SO, what are Arsenal waiting for, what, even, are they scared of? Why don’t they end Arsene Wenger’s agony and relieve him of his job?
For, right now, management is more than painful for the Frenchman. It has become an ordeal, a trial, and when his own fans boo him, it is a shocking reminder of the way his reputation has been smashed to smithereens.
Very soon, unless the Gunners can pull out of their tailspin, Wenger will become a laughing stock. This proud, intelligent, driven man may well be forced to walk away from a job he loves with a intensity that rules his life.
How can he stand by and turn the other cheek when his own fans are reduced to frustrated punch-ups with each other – some for Wenger, some against – as happened at Stoke on Saturday, when Arsenal lost 3-2? This is almost unheard of in the Premier League.
It wasn’t as if it was a top quality side who beat them, City are a physical, hard-working team who enjoy becoming embroiled in muscular football.
They thrive on mixing it and love it when they play Arsenal, because they know there will not be the same level of commitment.
Wenger has virtually stamped his own personality all overThe Emirates, but his team are suffering and he has only himself to blame. Eighteen years is too long at one club, too long to remain respected when results are not forthcoming.
Unless things change, everything he does and believes in is in danger of imploding. The most innovative manager the game has seen could end up a broken man, disfigured by the dreams he has pursued with such passion.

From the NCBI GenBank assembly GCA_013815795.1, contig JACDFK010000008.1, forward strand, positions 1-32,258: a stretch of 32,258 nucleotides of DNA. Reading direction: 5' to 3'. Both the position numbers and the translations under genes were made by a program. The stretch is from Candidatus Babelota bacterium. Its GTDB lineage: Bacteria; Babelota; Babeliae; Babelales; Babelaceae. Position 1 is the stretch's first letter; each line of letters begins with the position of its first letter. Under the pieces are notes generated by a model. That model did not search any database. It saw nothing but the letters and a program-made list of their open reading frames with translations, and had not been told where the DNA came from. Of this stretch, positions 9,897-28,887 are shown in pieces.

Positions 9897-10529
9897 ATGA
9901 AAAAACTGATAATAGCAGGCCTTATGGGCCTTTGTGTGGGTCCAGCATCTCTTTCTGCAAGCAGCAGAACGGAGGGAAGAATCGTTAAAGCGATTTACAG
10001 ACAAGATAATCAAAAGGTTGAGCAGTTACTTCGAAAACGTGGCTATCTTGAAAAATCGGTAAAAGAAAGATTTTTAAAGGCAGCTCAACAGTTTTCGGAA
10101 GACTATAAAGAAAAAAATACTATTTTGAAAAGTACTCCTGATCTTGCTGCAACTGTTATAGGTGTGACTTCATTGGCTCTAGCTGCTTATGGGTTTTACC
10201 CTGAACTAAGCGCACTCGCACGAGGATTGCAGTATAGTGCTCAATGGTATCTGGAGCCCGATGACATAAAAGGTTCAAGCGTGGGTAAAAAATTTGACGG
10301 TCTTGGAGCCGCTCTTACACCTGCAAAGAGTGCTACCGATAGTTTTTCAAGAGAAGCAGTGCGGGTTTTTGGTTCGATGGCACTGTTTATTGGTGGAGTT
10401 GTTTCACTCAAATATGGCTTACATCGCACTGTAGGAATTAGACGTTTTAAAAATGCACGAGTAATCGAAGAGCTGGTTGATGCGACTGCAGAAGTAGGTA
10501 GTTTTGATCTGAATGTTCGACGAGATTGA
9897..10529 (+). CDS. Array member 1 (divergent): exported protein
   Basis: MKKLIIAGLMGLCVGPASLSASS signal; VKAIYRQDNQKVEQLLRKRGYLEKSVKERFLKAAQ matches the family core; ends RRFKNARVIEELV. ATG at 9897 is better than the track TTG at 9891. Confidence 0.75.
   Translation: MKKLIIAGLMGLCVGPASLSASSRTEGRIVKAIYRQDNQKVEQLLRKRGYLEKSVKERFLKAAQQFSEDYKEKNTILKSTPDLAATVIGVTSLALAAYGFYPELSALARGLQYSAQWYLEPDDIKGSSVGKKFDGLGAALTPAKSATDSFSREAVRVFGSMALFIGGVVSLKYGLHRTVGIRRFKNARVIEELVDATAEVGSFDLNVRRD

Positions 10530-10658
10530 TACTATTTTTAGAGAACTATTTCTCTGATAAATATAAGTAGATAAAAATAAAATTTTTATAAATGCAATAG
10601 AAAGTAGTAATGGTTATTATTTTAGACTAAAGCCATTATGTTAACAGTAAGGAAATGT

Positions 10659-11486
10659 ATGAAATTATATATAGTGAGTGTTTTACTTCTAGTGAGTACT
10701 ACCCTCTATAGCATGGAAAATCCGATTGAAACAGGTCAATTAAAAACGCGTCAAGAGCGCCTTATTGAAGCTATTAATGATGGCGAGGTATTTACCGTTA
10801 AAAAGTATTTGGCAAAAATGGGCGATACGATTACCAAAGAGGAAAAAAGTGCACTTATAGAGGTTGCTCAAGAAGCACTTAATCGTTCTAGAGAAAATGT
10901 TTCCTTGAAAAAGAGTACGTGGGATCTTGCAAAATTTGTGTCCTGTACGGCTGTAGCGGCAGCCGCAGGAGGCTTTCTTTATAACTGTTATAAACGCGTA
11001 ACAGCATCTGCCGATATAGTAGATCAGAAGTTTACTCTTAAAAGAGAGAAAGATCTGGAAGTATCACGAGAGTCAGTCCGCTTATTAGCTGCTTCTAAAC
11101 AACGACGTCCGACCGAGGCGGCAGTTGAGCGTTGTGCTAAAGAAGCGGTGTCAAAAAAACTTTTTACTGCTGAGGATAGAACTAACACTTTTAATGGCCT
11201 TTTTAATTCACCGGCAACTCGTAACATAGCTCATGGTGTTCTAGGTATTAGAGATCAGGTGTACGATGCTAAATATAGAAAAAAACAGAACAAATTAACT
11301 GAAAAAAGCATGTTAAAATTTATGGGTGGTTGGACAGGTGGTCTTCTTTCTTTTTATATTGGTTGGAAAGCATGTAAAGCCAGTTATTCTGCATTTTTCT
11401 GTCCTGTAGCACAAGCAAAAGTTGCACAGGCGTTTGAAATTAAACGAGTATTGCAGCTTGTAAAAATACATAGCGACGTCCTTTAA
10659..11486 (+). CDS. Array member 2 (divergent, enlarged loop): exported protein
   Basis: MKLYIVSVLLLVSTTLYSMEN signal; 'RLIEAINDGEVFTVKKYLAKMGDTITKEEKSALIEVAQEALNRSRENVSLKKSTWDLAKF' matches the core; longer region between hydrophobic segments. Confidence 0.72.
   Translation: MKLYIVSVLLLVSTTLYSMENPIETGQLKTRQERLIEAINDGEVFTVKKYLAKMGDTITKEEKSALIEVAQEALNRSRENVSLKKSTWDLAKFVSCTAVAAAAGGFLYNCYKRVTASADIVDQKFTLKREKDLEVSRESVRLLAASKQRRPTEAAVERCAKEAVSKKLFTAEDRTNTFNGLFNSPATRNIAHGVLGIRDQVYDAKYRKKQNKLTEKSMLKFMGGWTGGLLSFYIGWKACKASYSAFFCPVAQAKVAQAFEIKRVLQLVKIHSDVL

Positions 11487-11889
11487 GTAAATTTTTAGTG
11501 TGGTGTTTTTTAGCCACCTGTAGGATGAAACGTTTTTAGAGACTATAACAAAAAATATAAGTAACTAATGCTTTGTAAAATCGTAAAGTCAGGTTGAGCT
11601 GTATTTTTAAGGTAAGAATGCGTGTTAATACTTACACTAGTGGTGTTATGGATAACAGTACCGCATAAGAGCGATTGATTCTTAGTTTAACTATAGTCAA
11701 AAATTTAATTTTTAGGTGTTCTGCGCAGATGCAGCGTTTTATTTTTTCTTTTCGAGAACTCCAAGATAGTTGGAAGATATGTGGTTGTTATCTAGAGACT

But, for years now, Arsenal have overplayed in Wenger’s search for the perfect goal, the most eye-catching result. When they were kings, it reflected Wenger’s own desires, but now they are a shadow of the side that were once the best in the country.
He cannot escape from it. His defence is poor, but then it has been for over two seasons. In that time, it has become apparent he needed a central defender and a goalkeeper. But Wenger knew best. He toiled on with what he had and convinced himself he could make them a great unit. He has failed.
He swapped strikers around and agonised over an injury list made worse by his pace and power routines that were designed to encourage players to train flat out.
Is it any co-incidence that Jack Wilshere has spent almost two years of his career so far out injured?
Wenger, ever the perfectionist, had a say in the design of Arsenal’s new Emirates stadium, and personally supervised the new training ground to the extent that he carefully drew up instructions for the benches in the dressing room to be of a certain height in centimetres. For him, how a player sat down was as important as how he moved and ran.
But he could be absent-minded, his mind elsewhere. In the lunch queue at the training ground, more than once he would take a sweet off the trolley, turn to speak to someone and tilt the plate. The food would slide off and Wenger would march off, stopping to look amazed that when he sat down, there was nothing on his plate.
He started to be called Clouseau after the comic French police inspector made popular by Peter Sellars.
Now, sadly, fans have other names for him, and when the insults come from his own, surely it is time for Arsenal to take a closer look.
But do they have the guts to take him on, explain that perhaps it is time to move into national management with France when the job becomes vacant? He has shown interest. Or, can they not bear to hurt him, traduce the reputation of the man who set new standards and levels of football in this country?
Remember, this man has revolutionised the game with his approach to it. But time waits for nobody. Wenger, for all his brilliance, is in the results business, but when your own start brawling among themselves over them, isn’t it time the pearl-handed pistol was handed over?